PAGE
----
11 Step Action(s) required Lead responsibility Timeframe Status PHASE ONE: Diagnostic preparation 2. After reviewing an agency s internal performance system and after reading the material on the Diagnostic instrument publicly available, if required, an agency is able to contact the Performance Project team at the APSC and set up an initial meeting to discuss: 2 3 weeks prior to scheduled Diagnostic exercise. The background/ reasons why the agency wants to undertake the Diagnostic process. Agree on date(s)/ location(s) and number of Diagnostic interviews and focus groups to be conducted. This will vary depending on the size of the agency and what the agency hopes to achieve from the Diagnostic exercise. If applicable, agree on specific roles and responsibilities of each party (i.e. the agency and the APSC). The agency s HR area coordinates and manages the logistics for the Diagnostic process. This involves a considerable amount of planning and investment of time to schedule and conduct interviews and focus groups. For example, HR officers will need to seek volunteers to participate in the Diagnostic process, monitor responses, schedule interviews and arrange rooms to hold interviews. This is quite a labour intensive exercise and plenty of time should be allocated for the planning of how the Diagnostic exercise will run in the agency. If APSC assistance is sought If an agency seeks assistance from the APSC, the Performance Project team is available to: Explain the overarching purpose of the Diagnostic process (e.g. to achieve high performance within an agency). Explain how the Diagnostic instrument will support the agency to achieve high performance (e.g. it is a tool that will assist APS agencies to identify key areas of strength and weakness and the required actions to achieve consistent and better practices internally). Develop an agency specific questionnaire and communications material which an agency can use to promote the Diagnostic process and invite employees to participate. 9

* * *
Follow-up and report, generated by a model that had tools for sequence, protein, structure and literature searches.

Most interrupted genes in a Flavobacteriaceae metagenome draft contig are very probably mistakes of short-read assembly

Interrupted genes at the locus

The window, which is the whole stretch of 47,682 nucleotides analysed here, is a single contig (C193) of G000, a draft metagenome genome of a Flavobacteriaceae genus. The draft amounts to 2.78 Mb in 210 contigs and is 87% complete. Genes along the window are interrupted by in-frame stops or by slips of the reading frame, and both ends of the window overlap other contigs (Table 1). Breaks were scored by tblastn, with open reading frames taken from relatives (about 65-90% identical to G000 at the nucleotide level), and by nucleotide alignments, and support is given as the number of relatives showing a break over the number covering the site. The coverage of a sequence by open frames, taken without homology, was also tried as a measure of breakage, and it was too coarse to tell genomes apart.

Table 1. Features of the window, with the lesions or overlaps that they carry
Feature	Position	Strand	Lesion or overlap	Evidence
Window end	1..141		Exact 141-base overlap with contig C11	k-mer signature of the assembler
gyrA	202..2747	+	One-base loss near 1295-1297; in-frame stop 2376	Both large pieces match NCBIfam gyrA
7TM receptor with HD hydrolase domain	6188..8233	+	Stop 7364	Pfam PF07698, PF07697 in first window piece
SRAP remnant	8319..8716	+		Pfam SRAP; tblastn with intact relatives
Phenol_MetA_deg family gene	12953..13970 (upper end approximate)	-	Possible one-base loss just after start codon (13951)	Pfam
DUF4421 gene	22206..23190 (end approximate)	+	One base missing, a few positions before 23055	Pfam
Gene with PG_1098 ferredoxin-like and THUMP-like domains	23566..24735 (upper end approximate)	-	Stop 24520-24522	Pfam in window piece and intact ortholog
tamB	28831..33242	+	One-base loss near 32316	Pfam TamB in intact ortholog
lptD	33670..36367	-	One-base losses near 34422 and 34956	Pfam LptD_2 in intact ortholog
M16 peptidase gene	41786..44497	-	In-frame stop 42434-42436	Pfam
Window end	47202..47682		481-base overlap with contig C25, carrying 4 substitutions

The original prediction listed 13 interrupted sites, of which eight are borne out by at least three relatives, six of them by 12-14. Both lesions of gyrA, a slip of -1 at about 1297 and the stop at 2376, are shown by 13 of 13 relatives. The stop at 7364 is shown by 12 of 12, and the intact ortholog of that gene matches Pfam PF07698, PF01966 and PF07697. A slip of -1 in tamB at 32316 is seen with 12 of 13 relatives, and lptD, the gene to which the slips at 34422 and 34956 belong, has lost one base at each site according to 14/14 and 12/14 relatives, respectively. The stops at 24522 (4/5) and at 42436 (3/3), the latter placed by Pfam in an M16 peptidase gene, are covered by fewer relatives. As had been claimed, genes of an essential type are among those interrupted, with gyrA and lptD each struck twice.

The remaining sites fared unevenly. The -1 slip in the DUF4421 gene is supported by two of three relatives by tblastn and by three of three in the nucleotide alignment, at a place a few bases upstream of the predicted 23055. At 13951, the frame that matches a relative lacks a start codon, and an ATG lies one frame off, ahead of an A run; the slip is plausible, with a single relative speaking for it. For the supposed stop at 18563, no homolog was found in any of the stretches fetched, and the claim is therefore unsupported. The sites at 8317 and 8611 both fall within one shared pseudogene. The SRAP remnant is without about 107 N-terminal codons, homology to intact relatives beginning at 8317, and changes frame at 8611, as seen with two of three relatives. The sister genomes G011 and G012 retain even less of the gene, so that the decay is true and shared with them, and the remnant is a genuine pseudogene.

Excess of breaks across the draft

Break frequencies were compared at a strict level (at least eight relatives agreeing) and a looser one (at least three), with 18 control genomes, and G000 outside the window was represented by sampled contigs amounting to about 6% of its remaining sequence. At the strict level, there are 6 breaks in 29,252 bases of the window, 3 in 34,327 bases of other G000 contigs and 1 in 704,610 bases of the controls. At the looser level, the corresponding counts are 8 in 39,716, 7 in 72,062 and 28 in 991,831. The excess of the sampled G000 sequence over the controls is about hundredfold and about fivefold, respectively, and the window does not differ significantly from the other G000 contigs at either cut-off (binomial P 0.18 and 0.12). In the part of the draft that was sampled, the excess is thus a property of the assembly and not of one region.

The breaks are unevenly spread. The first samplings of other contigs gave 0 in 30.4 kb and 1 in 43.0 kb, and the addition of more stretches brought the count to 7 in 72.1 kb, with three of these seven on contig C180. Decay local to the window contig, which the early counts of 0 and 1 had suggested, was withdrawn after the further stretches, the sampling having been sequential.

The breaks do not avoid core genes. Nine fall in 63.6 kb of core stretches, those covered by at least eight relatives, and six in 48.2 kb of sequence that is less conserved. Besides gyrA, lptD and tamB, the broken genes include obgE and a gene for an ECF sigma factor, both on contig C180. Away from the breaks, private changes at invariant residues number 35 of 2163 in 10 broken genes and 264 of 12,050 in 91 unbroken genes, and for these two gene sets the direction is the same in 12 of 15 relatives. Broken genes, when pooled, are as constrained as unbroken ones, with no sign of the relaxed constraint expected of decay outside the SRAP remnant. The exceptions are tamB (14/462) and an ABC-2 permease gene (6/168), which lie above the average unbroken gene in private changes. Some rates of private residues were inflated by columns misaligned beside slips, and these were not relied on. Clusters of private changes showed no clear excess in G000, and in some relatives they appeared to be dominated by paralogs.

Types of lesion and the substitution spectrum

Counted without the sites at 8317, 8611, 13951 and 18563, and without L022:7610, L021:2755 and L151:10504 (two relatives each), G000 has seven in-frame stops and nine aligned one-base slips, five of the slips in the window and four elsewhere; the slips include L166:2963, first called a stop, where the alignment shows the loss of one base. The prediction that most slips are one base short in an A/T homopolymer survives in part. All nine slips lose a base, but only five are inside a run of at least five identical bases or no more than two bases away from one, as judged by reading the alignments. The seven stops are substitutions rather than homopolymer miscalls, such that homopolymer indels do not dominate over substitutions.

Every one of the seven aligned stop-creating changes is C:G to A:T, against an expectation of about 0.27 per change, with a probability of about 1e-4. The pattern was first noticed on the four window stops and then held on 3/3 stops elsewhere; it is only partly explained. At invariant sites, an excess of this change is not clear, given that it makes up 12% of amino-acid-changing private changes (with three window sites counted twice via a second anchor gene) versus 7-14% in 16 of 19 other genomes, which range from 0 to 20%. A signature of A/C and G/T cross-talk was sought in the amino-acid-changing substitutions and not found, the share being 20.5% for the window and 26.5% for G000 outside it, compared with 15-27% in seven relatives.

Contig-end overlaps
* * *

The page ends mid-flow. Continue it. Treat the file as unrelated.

12 Step Action(s) required Lead responsibility Timeframe Status PHASE ONE: Diagnostic preparation 3. An agency is encouraged to independently research, review and analyse all the information that is available in order to gain insight where the data has indicated areas for improvement. The agency reviews the set of Diagnostic questions (see ANNEX 1) and determines (a) the core questions that will be asked to all participants based on the key areas of focus relative to the agency and its aim and objectives and (b) if there are any agency specific questions that should be asked. The agency promotes the Diagnostic process, via the intranet or communication to: 1-2 weeks prior to scheduled Diagnostic exercise. Provide background on the project. Invite employees to take part in interviews or focus groups. Encourage all staff to complete the agency specific questionnaire which will be open to all employees while the Diagnostic process is being conducted in the agency. In regards to the performance management all staff survey, the initial communication will (among other things) highlight: why they are being surveyed; who s conducting the survey; how the results are going to be used; how long the survey will be open; when the survey will start; and what they are going to have to do. This is typically via though it can be done via face-to-face or via the agency s intranet. If APSC assistance is sought If the agency requires further clarification/ information, then this is their opportunity to contact the Performance Project team (APSC) to discuss any issues prior to the commencement of the Diagnostic process. The discussion is intended to be an informal Q&A conversation and should resolve any agency concerns before starting the Diagnostic process. 10